It’s not a brand new bag

Lara's Bags (and Box)
Lara's Bags (and Box)

Several times year I go through my camera bags and replace things that need replacing and clean the bags.

It doesn’t do much good to try to keep your gear nice and clean if your camera bag is dirty on the inside. The outside of the bag doesn’t mean much to me. Makes it look lived in.

I clean the bags by blowing them out with canned air — out-of-doors is best. A damp cloth wiped around the inside is also a good idea.

I carry a lot of stuff with me when I am on the road. Three bags. I bring everything because I don’t know what I might need if I am out for an extended time.

One bag is what I call my “journalism” bag. In it I keep lenses like the 10-22mm wide-angle, a 50mm and an 80-200mm. That last one is really heavy but the optics are worth it. I just don’t like to carry it very far. These are also the lenses I am most likely to need to shoot events, people and the occasional lucky landscape.

In the second bag are the close-up lenses and accessories. Wildflowers are a big passion of mine and I shoot them with regularity for textbooks, field guides and magazines like the Audubon Magazine.

In this bag are the 100mm macro, 180mm macro and the 300mm with a 1.4 teleconverter — which allows me to get closer to a flower than I could with just the regular 300mm. It also lets me shoot out the car window when I am just too tired to get out at the end of along day in the field.

Of course both bags have extra batteries and memory cards.

The third bag is often the most crucial. It acts as a supplement to either of the other two bags. In it are the flash, a softbox for the flash, and a myriad of necessary items which include: large size freezer zip-lock baggies, twist ties and clothes pins. In here are also white garbage bags, a small first aid kit, a fire starting device and lens cleaning supplies — which I carry in, you guessed it, a large zip-lock baggie.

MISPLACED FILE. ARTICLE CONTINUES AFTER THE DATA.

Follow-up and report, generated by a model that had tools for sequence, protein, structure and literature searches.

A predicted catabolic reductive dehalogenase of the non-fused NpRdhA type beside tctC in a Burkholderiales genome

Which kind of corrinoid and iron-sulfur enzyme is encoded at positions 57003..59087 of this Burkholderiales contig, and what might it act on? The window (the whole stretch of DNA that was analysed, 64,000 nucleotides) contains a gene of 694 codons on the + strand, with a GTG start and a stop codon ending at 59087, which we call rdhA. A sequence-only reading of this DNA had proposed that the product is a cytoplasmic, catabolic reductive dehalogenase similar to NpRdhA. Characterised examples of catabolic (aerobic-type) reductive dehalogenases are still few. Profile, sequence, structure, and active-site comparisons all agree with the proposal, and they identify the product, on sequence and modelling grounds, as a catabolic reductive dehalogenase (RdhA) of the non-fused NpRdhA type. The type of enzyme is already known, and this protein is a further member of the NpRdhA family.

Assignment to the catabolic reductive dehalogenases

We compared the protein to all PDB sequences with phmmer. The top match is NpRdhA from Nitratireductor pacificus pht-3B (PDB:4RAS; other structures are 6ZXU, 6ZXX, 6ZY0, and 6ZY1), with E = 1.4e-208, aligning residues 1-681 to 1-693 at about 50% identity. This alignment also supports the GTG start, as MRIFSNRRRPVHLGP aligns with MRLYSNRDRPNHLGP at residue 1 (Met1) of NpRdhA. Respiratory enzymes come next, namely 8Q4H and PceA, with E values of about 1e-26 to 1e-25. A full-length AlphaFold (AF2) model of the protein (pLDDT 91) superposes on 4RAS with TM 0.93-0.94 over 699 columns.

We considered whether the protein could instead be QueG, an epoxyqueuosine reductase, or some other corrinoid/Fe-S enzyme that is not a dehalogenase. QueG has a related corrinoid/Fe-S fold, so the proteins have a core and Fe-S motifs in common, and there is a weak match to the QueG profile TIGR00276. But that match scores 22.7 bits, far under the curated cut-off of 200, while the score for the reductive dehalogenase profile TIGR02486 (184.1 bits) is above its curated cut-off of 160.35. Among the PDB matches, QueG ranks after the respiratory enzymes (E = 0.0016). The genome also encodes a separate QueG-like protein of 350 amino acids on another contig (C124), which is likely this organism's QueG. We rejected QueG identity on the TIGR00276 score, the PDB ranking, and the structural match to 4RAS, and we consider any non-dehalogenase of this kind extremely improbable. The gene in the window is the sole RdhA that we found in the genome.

I have been trying to think of anything special I carry because of our desert environment but nothing come to mind. Everything with me could be necessary in all shooting situations and that includes the very essential eye drops or lubricants. Nothing worse than trying to shoot with dry eyes that feel as if your eyelids are lined with sandpaper.

After trying out several different cleaning methods and companies I have narrowed my cleaning options down to a critical  few. Most folks keep filters on their lenses so these options are used first on the filters. I rarely ever clean the lens optics. Filters are the first line of protection.

Remember, test any product on a damaged filter or broken lens before you use it on the good gear. Your mileage may vary from ours.

Giottos Rocket-Air Large Blower
Giottos Rocket-Air Large Blower

Before you do anything that involves touching the lens filter, just use air. A powerful blower is the first step.

• The Giottos Rocket Air Blower is perfect for blowing dust off a lens that might scratch the lens or filter when wiping with a lens tissue. Their Web site states:


  • Natural and environmentally-friendly rubber.
  • Air inlet valve design prevents air’s back flow from the air nozzle.
    [I think this is very important, a feature regular blowers in cheap lens cleaning kits do not have.]
  • Detachable supper air stream air nozzle.
  • Special design for optional neck strap attachment.
  • GIOTTO’S patented tripod base design provides free-standing function for convenient use and storage.
  • Rocket-Air blows off dust particles, even those clinging to items from static electricity.
Lens Pen

•  I also have a Lenspen which is a retractable lens brush. It doesn’t have a cap on the brush end, so it is exposed which doesn’t make much sense to me — it can get dirty. So we keep that in a plastic baggie.

Removing the cap from the other end of the Lenspen reveals a circular pad.

The pad, made of natural chamois, is embedded with a non-liquid compound that effectively removes smudges and smears. The pens also reduce static buildup.